How Dead Are Vampires?

Wait, I’m deader?

I love vampires.

I think I’ve mentioned it before, but it was Christopher Pike‘s Last Vampire series that did it for me first. I was about eight years old (I know, precocious) when I read them, and I loved all of them. I was entranced by the idea of someone old enough to have been around when Krishna walked the earth, and at the time I didn’t even know who Krishna was.

Throughout the 90s, there were tides of vampires. From YA writers like L.J. Smith and the Night World series to Anne Rice‘s Interview With The Vampire, a steady stream of bloodsuckers existed for most of the decade.

And then came the twenty-first century, and with it the craze of Twilight. Fast on the heels of Edward and Bella came the Southern Vampire books, The Vampire Diaries, The Passage, vampires, vampires, more vampires.

Vampires who could walk in the sun, vampires who couldn’t sneeze, vampires who ate grizzly bears, vampires who ripped spinal cords through chests, vampires who snuggled. Vampires who brooded, vampires who didn’t brood, and mostly vampires who brooded.

Are you annoyed yet?

I thought I’d never get sick of them. I really didn’t. My first two and a half completed books were vampire-adjacent, and the protagonist of the last one was one. But after realising they’d be damn near impossible to sell these days, I put them aside, expecting to come back to them later.

One novel later, I found that something crazy had happened. I was feeling a bit sick of suckers myself.

You don’t love me anymore?

Here’s the thing. I still think vampires can be done well. The Passage is a perfect example of something fresh and interesting. The Historian is another phenomenal vampire novel. The Vampire Diaries is one of my favourite shows on the air for its attention to character development and its attention to Ian Somerhalder.

The problem is that shows like True Blood have gotten so far into tropes that I’ve lost a lot of investment. I felt this season fall flat with the vamp blood drug and Lilith standing around wearing only viscous fluids. And because of the tropes that have taken over the genre, each time I see something new with vampires, my brain gets a little drained of blood.

I want it to be good. I want it to steal my soul and whisk me away to a land where the shivery sensations of the sexy vamp still reign. I want it to terrify me with guttural beasts like those in the 30 Days of Night graphic novels. I want to see the scope and depth of Buffy the Vampire Slayer.

But lately I’ve seen half-hearted twists on the old themes, and with the exception of The Vampire Diaries, not much to keep me watching.

My opinion, however, isn’t the one that matters most. It’s yours!

What do you think?

For me, I hope vampires go into hibernation for a little while and then return with a vengeance. And hopefully less glitter and teen angst. As much as I feel they’ve been overdone lately, they will always have their place staked in my heart.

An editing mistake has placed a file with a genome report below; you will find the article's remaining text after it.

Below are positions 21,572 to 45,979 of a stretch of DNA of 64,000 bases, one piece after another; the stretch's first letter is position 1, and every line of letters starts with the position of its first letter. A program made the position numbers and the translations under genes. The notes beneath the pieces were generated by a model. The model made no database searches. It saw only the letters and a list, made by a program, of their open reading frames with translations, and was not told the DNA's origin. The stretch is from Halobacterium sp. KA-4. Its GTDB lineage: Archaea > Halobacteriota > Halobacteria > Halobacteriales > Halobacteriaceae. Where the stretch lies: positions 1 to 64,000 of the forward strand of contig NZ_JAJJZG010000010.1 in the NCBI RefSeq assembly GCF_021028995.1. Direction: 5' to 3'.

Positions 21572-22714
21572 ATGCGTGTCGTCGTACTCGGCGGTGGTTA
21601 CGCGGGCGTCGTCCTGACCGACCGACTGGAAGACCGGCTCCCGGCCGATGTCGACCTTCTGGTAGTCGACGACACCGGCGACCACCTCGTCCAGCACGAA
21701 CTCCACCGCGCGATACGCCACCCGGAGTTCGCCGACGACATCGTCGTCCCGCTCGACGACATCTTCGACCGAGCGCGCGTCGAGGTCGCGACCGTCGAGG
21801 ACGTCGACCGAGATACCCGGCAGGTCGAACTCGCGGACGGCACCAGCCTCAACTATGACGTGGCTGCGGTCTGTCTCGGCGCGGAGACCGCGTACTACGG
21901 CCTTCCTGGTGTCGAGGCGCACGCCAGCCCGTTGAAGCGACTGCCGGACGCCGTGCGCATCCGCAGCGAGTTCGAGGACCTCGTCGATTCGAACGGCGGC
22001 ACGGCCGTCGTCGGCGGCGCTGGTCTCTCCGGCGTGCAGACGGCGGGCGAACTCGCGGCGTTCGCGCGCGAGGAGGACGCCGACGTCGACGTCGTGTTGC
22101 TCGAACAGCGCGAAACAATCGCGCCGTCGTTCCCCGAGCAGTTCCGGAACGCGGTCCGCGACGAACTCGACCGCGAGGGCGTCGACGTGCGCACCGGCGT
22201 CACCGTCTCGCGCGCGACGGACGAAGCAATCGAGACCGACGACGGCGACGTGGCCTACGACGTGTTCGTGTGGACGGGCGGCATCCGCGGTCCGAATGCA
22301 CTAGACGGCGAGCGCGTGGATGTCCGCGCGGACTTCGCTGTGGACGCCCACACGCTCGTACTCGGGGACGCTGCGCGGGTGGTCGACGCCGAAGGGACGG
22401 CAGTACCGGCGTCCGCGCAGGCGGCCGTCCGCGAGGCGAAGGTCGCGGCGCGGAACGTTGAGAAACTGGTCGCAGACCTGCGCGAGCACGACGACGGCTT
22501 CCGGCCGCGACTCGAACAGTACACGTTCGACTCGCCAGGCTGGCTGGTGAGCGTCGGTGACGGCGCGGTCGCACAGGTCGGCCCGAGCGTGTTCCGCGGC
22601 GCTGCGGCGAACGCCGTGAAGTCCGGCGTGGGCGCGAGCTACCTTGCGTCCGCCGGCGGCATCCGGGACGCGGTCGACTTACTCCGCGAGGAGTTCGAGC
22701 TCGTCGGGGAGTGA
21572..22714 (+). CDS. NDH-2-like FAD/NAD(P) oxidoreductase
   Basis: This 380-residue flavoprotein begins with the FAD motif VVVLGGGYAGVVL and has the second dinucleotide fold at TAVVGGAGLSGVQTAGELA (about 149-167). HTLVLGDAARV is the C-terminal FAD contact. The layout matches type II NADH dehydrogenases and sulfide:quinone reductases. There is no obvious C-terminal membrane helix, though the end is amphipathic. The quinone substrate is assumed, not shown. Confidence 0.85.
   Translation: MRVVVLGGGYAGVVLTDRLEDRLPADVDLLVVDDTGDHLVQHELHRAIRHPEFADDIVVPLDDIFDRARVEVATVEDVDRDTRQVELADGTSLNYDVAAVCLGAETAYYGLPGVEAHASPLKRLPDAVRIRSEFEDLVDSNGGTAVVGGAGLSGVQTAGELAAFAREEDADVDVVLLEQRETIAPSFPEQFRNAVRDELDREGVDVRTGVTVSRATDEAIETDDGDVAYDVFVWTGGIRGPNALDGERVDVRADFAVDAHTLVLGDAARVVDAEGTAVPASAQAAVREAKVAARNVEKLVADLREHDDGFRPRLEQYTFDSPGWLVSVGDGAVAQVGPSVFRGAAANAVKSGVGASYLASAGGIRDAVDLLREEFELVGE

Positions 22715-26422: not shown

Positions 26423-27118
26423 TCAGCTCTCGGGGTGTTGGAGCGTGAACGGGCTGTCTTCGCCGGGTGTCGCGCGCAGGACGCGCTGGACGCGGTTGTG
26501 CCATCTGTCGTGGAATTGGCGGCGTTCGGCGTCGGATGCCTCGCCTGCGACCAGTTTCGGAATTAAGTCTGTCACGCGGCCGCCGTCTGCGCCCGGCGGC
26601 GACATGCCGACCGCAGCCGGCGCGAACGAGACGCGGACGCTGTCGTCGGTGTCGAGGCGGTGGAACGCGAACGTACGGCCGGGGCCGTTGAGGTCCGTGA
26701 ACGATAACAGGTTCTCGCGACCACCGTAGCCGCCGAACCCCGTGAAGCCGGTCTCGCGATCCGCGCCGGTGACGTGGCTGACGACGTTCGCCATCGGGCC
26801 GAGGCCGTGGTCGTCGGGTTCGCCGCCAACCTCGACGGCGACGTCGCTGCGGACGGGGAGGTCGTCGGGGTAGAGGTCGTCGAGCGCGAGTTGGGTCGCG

Dry your tears, Sniffly Vamp. You can come back someday.


What were your favourite vampire books when you were growing up? What are some of the best interpretations of the vampire mythos you’ve seen?


About Emmie Mears

Saving the world from brooding, one self-actualized vampire at a time.

Posted on September 28, 2012, in urban fantasy and tagged , , , , , , , , , , , , , , . Bookmark the permalink. 18 Comments.

  1. Fads burn bright then burn themselves out only to be rediscovered again. It is cyclical afterall.

  2. I’m with you on this one–the new vamp craze is unsettling, but I find most new crazes unsettling, partcularly ones that butcher (ahem) our time-honored villains. However…I can’t say vampires are dead(er) just yet. The Historian is a perfect example. It is one of the most brilliant vamp novels to come along in many a year (well, it’s a brilliant novel, period, like wow). But the beauty of The Historian is that it is a new novel done in an old way. Shades of Stoker and Nosferatu. Dark, creepy, slow-moving and just plain good. If a first-time novelist can pull that one off, we have hope for our undead. Other faves? Certainly Rice’s Interview (which was a movie in the 90s, but actually came out quietly as a novel in 1973 or 1974 I think). And most of Rice’s Vampire Chronicles hold up pretty well. Of course Stoker’s original, but how about Richard Matheson’s truly horrifying I Am Legend? 30 Days of Night is another example of something new-ish that does not rely on dreamy eyes and cute dimples–dear lord, the movie unhinged me. Also on the new-ish side, Nancy Collins has done some interesting things, but that may be the adolescent boy lurking inside. And anyone who loves the vamps must read Christopher Moore’s stellar comic novels, Blood Sucking Fiends (A Love Story), You Suck, and Bite Me. Actually anything at all by Christopher Moore, because damn.